Telescopes on the ground, as well as the orbiting Hubble Space Telescope, will be able to discern some of the molecules in these planetary atmospheres. Additionally, the James Webb Telescope, which is scheduled to launch next year, will examine the infrared wavelengths of light–making it ideal for studying Trappist-1.
However, even if all of the Trappist planet turn out to be lifeless, scientists will have learned much more about what keeps life from flourishing. So, stay tuned because whether or not astronomers discover extraterrestrial life, there’s a lot to learn!
Mark you calendars on August 21, 2017–a total solar eclipse will take place! A solar eclipse occurs when the Moon passes between the Earth and the Sun, obscuring the image of the Sun for a viewer on Earth. A total solar eclipse is an eclipse where the Moon’s apparent diameter is larger than the Sun’s diameter, subsequently blocking all direct sunlight. Total darkness will occur in a narrow path across the Earth’s surface, with a partial solar eclipse visible for thousands of kilometers in the surrounding regions.
As the first total solar eclipse to sweep across the entire United States since 1918, this event is definitely something to look forward to! The eclipse’s center line will enter Oregon (between Lincoln City and Newport) and will exit three hours later through South Carolina (between Georgetown and Charleston). The longest duration of totality will be 2 minutes 41.6 seconds in Shawnee National Forest. Check out this awesome website to find out more about this once in a lifetime event!
In April 2016, billionaire Yuri Milner and renowned cosmologist Stephen Hawking announced Breakthrough Starshot, an initiative to send a postage stamp-sized spacecraft to the Alpha Centauri star system. However, the recent discovery of Earth-like exoplanet Proxima b around the system’s smallest star has given Breakthrough Starshot a new sense of focus and urgency. Proxima b, which has a lifetime of several trillion years, would be the “most natural location to where our civilization could aspire to move after the will die, 5 billion years from now,” according to Abraham Loeb, chair of Harvard University’s astronomy department.
The tiny spacecraft equipped with a camera and various filters could be able to take color images of the planet and infer whether or not it harbors life, water, or neither. This nanocraft could also measure the planet’s mass, as well as its magnetic field environment. While exciting, Breakthrough Starshot’s launch towards Proxima b will not happen immediately. There will likely be 5 to 10 years of feasibility demonstrations in a lab to prove the viability of the underlying technology–ground-based laser beams that would be used to accelerate a lightweight sail attached to the craft to one-fifth the speed of light.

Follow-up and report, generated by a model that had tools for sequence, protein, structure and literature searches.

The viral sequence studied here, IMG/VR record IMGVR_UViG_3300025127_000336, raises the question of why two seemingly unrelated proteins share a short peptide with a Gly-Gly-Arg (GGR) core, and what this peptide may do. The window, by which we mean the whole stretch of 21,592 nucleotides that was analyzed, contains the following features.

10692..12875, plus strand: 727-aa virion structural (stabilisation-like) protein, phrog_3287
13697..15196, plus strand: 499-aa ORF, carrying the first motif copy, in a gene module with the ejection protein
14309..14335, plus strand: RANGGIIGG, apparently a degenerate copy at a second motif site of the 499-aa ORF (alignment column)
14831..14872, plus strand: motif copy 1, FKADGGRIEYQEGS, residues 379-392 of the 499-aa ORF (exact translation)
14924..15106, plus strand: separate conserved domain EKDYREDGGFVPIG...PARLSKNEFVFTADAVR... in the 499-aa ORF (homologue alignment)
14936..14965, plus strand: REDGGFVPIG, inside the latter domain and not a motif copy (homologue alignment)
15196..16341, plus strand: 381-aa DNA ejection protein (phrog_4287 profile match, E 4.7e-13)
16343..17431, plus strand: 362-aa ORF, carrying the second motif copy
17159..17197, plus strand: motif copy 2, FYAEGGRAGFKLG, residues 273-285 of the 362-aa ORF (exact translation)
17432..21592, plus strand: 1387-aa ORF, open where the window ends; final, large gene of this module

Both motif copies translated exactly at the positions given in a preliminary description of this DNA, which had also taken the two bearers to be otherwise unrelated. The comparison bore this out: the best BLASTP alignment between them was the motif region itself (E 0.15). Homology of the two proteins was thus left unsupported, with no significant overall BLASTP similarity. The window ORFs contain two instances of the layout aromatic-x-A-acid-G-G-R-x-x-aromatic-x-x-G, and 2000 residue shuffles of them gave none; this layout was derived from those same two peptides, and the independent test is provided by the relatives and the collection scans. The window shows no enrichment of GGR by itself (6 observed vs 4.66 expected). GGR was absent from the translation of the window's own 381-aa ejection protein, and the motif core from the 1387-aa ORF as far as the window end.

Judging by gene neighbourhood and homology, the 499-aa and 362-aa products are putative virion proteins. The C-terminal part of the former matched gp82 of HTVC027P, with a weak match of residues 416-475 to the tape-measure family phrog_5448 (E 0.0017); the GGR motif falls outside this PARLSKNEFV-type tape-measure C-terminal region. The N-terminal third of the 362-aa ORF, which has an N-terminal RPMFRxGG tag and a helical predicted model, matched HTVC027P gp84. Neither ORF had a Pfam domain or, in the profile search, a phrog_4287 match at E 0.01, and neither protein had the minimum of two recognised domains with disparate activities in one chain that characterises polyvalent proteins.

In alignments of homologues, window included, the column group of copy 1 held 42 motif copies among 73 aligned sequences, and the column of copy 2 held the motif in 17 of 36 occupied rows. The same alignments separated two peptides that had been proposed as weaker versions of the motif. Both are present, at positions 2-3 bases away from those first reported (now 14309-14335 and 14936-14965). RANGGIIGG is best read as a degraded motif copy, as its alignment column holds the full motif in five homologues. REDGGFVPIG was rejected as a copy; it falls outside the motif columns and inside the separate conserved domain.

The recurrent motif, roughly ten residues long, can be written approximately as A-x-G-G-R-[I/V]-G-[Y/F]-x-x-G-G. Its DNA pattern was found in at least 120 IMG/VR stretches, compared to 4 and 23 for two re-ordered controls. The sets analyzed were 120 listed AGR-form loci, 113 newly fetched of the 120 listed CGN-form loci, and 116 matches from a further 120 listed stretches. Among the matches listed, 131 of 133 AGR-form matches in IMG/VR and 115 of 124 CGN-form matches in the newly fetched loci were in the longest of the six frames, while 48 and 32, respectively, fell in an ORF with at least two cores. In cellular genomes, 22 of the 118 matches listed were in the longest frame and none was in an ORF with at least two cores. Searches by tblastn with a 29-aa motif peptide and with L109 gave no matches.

Initially, the goal of the initiative was to launch the nanocrafts within two to three decades to begin their 20-year journey. Any photos taken would then require an additional four years to return to Earth. Although this would put our first close-up views of Proxima b about half a century away, many board members of the initiative hope that the timeline gets sped up so that they will have a chance of viewing the historic images.
Nearly 20 years after its initial launch, the Cassini Mission will come to an end on September 15, 2017, precisely at 5:07am. The spacecraft, which has been orbiting Saturn for 13 years, will begin its ‘Grand Finale’– eventually plunging into the upper atmosphere of the planet. Why end the mission? The answer to that question stems from the fact that the spacecraft is running low on rocket fuel, which would eventually prevent the mission operators from controlling Cassini’s course.
The Grand Finale is not just an ending however. It is also part of the fact finding mission. As the spacecraft hurtles towards the gas giant planet, it will collect rich and valuable information that the original planners may never have imagined. Creating detailed maps of Saturn’s gravity and magnetic fields, improving our knowledge of how much material is in the rings, sampling icy ring particles that are funneled into the atmosphere, and taking ultra-close images of the planet’s rings and clouds, the Grand Finale will provide information of unprecedented quality.
The information gathered from these activities will vastly improve our understanding of how gas giants form and evolve. So, save the date and stay tuned!